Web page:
Our blind spots

It is nothing new to say that our times are characterized by excessive communication, information and consumption. Digital transformation has indeed fostered an exponential expansion of communication. Nonetheless, in many instances communication has just become an accelerated exchange of information, a process of de-personalized communication by which we have somehow lost the sense of the other and the readiness to listen.

In all this excess we claim that lies easily become truth, truths are vanished, and there seems to be a desire to assimilate everything at the same speed that information is exchanged, thereby reducing our capacity to reflect, to generate insights and experiences to mere illusory exchanges offered by social media -as an example. Disorientation is also quickly created, often resulting in an overflow of passion and aggression based mainly on confusion. Ignorance cannot only be caused by a lack of information, but also by an overload of it.

This hyper-communication appears to allow us to be more interconnected, but this interconnection not always brings an understanding of or closeness to the other; in some, or perhaps in many cases the result is exactly the opposite.

When we receive data concerning how things work or happen, we usually develop a parallel process trying to interpret whatever we are receiving; in a way we construct a kind of map. However, between the moment of receiving information and interpreting it, we tend to lose something . . . we have a tendency to exaggerate or miss something: a gap is created constantly.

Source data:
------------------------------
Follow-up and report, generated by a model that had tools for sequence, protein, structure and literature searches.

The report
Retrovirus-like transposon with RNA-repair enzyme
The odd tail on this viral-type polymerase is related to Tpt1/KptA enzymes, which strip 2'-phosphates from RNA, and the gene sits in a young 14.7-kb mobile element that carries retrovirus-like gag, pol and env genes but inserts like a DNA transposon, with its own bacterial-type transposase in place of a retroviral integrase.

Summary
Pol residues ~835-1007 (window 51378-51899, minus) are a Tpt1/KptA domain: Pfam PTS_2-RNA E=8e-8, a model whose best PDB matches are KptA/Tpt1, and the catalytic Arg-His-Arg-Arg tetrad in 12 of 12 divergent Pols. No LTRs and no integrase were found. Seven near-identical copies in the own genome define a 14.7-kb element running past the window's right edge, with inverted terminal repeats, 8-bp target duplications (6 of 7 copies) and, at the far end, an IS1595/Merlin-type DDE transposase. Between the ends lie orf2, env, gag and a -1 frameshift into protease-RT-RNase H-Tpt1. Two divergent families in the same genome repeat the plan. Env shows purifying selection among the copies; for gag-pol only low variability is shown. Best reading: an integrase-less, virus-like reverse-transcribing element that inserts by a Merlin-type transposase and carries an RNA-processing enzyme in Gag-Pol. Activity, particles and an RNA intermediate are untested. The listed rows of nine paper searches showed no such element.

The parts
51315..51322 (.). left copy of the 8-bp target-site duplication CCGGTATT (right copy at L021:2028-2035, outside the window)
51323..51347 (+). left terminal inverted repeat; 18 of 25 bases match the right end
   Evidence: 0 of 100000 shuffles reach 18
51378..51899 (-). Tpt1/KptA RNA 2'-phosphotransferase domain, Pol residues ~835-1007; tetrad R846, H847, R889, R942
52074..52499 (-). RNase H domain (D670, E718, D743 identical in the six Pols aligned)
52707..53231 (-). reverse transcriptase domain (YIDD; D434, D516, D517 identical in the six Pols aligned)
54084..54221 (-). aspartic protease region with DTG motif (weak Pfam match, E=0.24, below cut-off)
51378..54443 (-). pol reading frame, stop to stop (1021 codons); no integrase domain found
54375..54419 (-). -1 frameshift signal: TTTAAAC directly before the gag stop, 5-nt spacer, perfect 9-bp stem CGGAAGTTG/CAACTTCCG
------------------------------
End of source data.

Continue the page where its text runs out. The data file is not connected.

Tremendous complexities can be generated through this process, if we also consider that it is usually combined with the distrustful quality of judgement that goes on at the level of interpretation. And one of the problems with hyper-communication or dealing with an overload of information seems to be that those gaps easily become more pronounced.

So we usually do not see things as they are, but as we perceive them, if we happen to perceive anything. We interpret the world according to some particular language or approach and color it with our own styles and ways of looking at things. When we cling to our own perceptions or claim these are the way things are, we widen our blind spots; we reduce our ability to perceive sharply, to gain clarity.

In order to perceive sharply, to get some aerial point of view, we need to open our mind to something slightly more than we have already been told. We need to open and consider the particular point of view of the other and give some time to reflect, to listen and try to generate an understanding of other angles. There is always the possibility to perceive without any conditions. There is always the possibility to reduce, or at least try to reduce our blind spots. . .